But that may not be the case.

Some Clinton supporters are not following their candidate’s example, skipping town for the inauguration.

“I talked to a number of Clinton supporters. I know lots of people who said they’re not watching [the inauguration],” Jacobs told ABC News. “I have lots of friends who said they’re leaving town, not Washington -- literally out of the country.”

The same can be said for two former Clinton campaign staffers who do not plan to be in Washington, D.C., for the festivities surrounding Trump’s inauguration.

Ian Sams, who worked for the Clinton campaign and currently lives in D.C., said he's headed to Charlottesville, Virginia, for the weekend.

He said a weekend away "is not how I'd planned on spending" inauguration, adding, “Obviously it is a disappointing day for those of us who gave it all to try to elect Hillary Clinton. So, we may escape town, hit the beach or the mountains, and have a few drinks.”

Sams said he does plan to tune in for Trump’s inaugural address.

Jesse Lehrich, another former Clinton staffer, said he won’t be making the trip to D.C. to see Trump sworn in.

Like Sams, Lehrich said he will catch Trump’s inaugural address on TV Friday afternoon.

But Sams said Clinton supporters aren’t giving up just because their candidate wasn’t elected to the highest office.

“After this weekend we’re all getting right back in the arena to keep fighting for what we think is right,” he said.

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ABC News(WASHINGTON) -- Donald Trump's former campaign manager never thought this day would come.

Hours before Trump is inaugurated as the 45th president of the United States, Corey Lewandowski's answer was straightforward when asked on ABC News' Good Morning America Friday whether he thought the real estate mogul would get elected.

"No, nobody did," Lewandowski said. "And I think Donald Trump would tell you the same thing."

Lewandowski had been by Trump's side since the New York City developer launched his presidential campaign in June 2015. He came on board as Trump's first campaign manager and quickly became a controversial figure during his time in the position.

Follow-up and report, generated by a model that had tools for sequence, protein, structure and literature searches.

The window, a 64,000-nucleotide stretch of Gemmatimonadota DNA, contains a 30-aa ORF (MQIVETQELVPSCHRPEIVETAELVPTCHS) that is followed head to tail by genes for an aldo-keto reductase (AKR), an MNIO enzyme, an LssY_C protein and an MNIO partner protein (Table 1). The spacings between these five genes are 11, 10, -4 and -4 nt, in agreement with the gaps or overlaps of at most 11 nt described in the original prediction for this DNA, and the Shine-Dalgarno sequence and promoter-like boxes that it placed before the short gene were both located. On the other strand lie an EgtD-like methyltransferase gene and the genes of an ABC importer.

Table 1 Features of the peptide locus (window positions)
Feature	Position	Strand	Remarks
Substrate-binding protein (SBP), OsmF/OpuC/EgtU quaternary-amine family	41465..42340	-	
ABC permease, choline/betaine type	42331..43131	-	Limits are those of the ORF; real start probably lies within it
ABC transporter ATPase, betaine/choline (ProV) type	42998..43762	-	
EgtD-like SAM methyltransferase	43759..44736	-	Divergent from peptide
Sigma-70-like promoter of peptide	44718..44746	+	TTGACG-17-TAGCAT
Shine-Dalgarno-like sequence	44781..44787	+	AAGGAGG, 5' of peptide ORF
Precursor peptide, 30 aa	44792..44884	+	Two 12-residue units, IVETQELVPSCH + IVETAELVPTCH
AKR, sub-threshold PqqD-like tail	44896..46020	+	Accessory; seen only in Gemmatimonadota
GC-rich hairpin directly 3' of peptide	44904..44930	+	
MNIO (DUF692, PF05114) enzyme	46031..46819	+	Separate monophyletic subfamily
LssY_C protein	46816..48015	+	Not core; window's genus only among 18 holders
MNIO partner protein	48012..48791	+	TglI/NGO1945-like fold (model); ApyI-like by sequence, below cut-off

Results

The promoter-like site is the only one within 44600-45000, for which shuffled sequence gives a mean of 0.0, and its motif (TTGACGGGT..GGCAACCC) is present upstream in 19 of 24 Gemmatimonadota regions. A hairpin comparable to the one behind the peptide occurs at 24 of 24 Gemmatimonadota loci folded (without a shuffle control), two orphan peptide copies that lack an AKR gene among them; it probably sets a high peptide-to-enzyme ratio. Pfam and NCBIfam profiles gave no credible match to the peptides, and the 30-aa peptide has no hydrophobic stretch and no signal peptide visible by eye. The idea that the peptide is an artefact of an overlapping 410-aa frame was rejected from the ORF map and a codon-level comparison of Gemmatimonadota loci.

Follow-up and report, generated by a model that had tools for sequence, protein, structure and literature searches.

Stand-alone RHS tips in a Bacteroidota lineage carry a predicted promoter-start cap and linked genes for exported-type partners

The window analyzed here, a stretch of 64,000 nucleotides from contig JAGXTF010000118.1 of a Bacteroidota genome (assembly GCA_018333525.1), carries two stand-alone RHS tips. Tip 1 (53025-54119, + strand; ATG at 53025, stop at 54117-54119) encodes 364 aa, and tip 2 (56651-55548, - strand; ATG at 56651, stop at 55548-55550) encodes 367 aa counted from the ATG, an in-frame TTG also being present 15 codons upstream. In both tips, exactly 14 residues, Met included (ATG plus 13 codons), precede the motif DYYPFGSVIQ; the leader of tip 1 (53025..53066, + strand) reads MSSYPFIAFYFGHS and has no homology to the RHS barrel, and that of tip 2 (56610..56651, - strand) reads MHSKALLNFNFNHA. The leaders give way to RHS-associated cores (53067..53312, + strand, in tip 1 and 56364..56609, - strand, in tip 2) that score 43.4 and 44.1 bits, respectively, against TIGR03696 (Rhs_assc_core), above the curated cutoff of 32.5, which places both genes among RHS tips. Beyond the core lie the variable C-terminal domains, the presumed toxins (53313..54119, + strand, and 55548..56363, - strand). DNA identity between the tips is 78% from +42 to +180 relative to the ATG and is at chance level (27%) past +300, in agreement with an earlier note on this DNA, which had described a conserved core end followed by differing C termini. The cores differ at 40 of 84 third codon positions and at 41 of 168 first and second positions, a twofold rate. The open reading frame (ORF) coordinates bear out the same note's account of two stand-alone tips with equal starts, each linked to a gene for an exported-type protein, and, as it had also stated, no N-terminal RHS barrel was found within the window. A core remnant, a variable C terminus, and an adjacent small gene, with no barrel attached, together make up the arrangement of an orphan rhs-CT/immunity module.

In March 2016, Lewandowski was charged with simple battery after a video showed his grabbing the arm of then-Breitbart News reporter Michelle Fields at the Trump National Golf Club in Jupiter, Florida. State officials declined to prosecute Lewandowski. The Trump campaign at the time said it fully believed in Lewandowski's innocence.

Lewandowski, 43, was cut loose from Trump's campaign in June 2016. A senior Trump aide told ABC News at the time that Lewandowski's firing "was a long time coming" and that the campaign "need[ed] to get everyone on the same page."

The ex-campaign manager has since opened a lobbying firm near the White House.

During Friday morning's interview with GMA, Lewandowski recalled the early days of Trump's campaign. Lewandowski said neither he nor Trump believed the presidential bid would be a success, but he said the campaign team realized how the Republican nominee was "giving hope" to many Americans.

"To say that we're going to have a candidate who had never run for office assume the presidency of the United States two years later, I don't think he believed it. I don't think I believed it," Lewandowski said.

"But what we saw was the American people wanted fundamental and wholesale change. When he started to go out and talk to the American people and listened to what their concerns were, we knew there was something very, very special going on," he continued.

"He's the messenger of what the American people want and he's now going to bring that to Washington," Lewandowski added.

He said the president-elect is as prepared as anyone can be to take the nation's highest elected office and understands the responsibility that comes with the role.

"I think Mr. Trump understands the severity of the position he's about to assume today and, I don't care who it is, no one can be truly prepared to step inside the Oval Office until you've done that job," he said. "He also understands that ... we have to do better for our country, and that's what he wants to do and he understands the power that this position brings to help the country get there."

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ABC News(WASHINGTON) — Hours before Donald Trump takes office as the 45th president of the United States, his senior adviser Kellyanne Conway said the president-elect aims to unify the nation with his inaugural address Friday.